I’ve just caught up with Christian Eedes’ horrified review of some cheapie whites “sampled literally by the pool”. Some of them I’d also tasted recently, as they were samples sent to winewriters (etc) from producers – though I confess I wouldn’t have considered them material for other than an abstract tasting. There are only a few samples I get that I actually drink – most just get “tasted”, and then handed over to grateful and undemanding neighbours.
Christian’s response roused all sorts of reactions in my mind, but as he has rested his website for a festive season week or two (to spend more time by the pool, I presume), I thought I’d express some of my genuine confusion on mine, rather.
At first I was rendered rather aghast by Christian’s conclusion that it’s “more than a little depressing that such wines exist”. Wow. What did he expect, I wondered, when he took these wines costing R40-R50 to drink poolside? Then I remembered that when I’d written about the Doolhof Cape Crane Chenin Blanc 2013 a few weeks back (here) I’d said it was “nice” but “I wanted better. I knew I had better available; I might get run over by a bus tomorrow, so why not have the better?” There’s at least some overlap in our reactions.
Christian didn’t tell us what he did when he discovered that the wines he’d brought to the pool were “wine for the uninitiated, wine for those who wish to consume without contemplation, wine perhaps for those who don’t really like the taste of wine”. Did he really want to be “contemplative”, in those circumstances? Perhaps, then, he did like I did when I found the Doolhof “nice” but not what I wanted out of life, and opened a wonderful old Rioja. Perhaps he turned to beer, or water, or some other wine.
I do wonder myself why PR people send this sort of wine to serious wine critics (instead of only to the sort of hack who can be relied upon to be enthusiastic, usually because they want some sort of direct income from the producers, like so many bloggers and advertorialists). It’s unlikely that proper wine people are actually going to really admire the wines. But it wouldn’t be unreasonable for PR people to expect the taster to put the wines in context.
Unlike Christian, I can find genuine virtues in many such wines and don’t condemn their drinkers as “those who don’t really like the taste of wine”. Personally (if I may wax a bit prissy), I think it my duty to recognise that actual winelovers without much money (or without PR companies pressing samples on them) don’t want to spend more than R40 or R50 on a bottle of wine. Christian in a slightly later blog mentioned enjoying Kloof Street Old Vine Chenin Blanc 2013 by Mullineux Family Wines (“R177 a bottle on the winelist vs. R79 from the cellar”). For some people, that’s not a viable alternative. I can also point out that there are very many worse wines about than these poolside quaffers; I’m a touched bemused by Christian’s virginal horror and apparent surprise.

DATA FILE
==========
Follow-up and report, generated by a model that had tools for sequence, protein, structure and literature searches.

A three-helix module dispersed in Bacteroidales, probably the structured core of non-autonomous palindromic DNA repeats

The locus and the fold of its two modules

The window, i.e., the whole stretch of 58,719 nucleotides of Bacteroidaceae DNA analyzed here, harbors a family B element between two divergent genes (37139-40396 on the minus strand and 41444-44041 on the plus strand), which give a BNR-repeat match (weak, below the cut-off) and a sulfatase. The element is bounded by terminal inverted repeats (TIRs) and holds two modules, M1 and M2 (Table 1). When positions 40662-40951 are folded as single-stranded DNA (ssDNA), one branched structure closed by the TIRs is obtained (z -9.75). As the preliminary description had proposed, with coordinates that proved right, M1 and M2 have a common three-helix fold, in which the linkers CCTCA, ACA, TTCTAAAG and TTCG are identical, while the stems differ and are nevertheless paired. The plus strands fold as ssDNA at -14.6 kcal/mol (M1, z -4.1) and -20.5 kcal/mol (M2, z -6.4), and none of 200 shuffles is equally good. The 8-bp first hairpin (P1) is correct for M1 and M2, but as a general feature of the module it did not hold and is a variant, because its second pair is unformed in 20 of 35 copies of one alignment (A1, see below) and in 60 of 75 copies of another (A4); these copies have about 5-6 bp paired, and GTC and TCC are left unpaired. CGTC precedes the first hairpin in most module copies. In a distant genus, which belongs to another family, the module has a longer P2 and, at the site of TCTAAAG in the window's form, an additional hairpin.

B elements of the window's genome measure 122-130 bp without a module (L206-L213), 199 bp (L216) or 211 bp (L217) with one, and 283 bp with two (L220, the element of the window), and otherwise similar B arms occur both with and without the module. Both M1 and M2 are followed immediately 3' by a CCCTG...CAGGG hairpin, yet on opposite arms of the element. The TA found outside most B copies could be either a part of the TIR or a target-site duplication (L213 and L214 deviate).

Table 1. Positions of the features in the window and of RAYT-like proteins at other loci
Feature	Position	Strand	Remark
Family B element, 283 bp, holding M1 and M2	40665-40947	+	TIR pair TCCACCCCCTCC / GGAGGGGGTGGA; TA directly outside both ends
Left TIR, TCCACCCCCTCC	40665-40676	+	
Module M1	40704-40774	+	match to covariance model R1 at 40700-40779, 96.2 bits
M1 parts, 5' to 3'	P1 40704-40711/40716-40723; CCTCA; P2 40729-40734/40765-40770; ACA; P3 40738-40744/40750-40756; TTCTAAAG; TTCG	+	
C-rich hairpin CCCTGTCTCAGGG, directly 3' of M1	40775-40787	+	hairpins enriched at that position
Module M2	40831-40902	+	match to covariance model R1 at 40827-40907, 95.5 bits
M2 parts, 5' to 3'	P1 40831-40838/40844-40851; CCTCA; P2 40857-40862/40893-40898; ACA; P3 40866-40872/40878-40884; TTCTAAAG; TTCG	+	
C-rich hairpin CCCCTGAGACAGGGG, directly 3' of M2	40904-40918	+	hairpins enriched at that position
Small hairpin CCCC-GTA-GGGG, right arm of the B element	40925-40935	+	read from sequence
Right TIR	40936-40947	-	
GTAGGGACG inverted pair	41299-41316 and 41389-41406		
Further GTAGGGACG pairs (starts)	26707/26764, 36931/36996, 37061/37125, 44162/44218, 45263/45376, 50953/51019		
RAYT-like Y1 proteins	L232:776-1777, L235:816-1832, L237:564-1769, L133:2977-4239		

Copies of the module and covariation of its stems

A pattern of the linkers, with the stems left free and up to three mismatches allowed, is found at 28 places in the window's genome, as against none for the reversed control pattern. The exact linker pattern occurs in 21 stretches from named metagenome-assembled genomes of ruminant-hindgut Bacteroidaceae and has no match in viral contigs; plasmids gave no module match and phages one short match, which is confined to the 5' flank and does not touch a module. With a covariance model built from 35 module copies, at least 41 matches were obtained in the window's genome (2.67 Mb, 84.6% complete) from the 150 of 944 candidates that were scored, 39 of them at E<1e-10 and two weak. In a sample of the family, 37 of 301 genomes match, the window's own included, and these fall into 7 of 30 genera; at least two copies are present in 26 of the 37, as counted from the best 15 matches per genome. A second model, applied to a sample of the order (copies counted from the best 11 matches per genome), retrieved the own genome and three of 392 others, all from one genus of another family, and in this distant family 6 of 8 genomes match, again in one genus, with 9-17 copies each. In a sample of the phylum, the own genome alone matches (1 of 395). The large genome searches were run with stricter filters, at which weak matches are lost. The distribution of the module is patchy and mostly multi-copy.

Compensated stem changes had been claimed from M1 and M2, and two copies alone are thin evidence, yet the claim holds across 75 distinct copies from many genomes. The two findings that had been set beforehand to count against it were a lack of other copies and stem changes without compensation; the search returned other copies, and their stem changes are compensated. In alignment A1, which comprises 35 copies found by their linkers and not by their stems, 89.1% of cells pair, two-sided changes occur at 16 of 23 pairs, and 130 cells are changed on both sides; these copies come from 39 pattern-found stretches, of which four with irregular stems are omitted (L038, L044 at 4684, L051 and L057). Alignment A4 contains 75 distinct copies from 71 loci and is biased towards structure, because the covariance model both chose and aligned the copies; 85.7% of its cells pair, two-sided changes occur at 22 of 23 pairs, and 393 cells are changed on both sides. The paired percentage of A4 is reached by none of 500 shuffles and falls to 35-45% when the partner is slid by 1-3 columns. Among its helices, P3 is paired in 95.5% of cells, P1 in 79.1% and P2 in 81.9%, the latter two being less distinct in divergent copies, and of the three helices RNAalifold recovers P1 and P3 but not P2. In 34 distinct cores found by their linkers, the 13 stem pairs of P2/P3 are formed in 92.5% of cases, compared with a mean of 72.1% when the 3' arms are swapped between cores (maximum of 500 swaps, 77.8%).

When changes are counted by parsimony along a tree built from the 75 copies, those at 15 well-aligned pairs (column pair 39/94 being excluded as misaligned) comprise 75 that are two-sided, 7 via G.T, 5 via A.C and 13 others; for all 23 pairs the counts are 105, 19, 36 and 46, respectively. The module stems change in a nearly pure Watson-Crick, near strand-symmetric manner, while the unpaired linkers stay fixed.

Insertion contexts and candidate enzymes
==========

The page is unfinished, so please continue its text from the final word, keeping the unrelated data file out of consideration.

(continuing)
As a journalist writing for all levels of wine-drinker, I feel vaguely obliged – though admittedly it’s not my favourite duty – to sometimes suggest which are the best cheap wines available (I recommended the Simonsig Chenin, by the way, and have also recommended with some enthusiasm other cheap whites, like those of Kleine Zalze and Joostenberg).
It seems to me that, unless you’re only writing for a dozen sommeliers, you should point out where the punter (who might not be rich, or willing to spend on wine, but might actually enjoy swilling the stuff) is going to do better for his or her R30 or R40.
There are, in fact, some quite serious winelovers who buy wine at that price level, and treat it very contemplatively. I only recently, for example, had an email from one such person discussing the relative merits of the last three vintages of Wolftrap White.
That’s quite apart from the fact that I disagree with Christian’s total dismissal of the wines he sampled poolside. I thought they were pretty fair for that price. (Incidentally, I appreciated the comment from one Grant, who I am pretty sure is involved with an operation selling very pricy wines!, in effect wondering how anyone could viably produce wine costing so little.)
Doolhof Chenin, for example, is very much a drink for people who enjoy wine but don’t want to spend a lot, and whose poolside nostrils are not going to be set aquiver with distaste by anything at that price.
It’s quite a relief to be writing as something other than an elitist…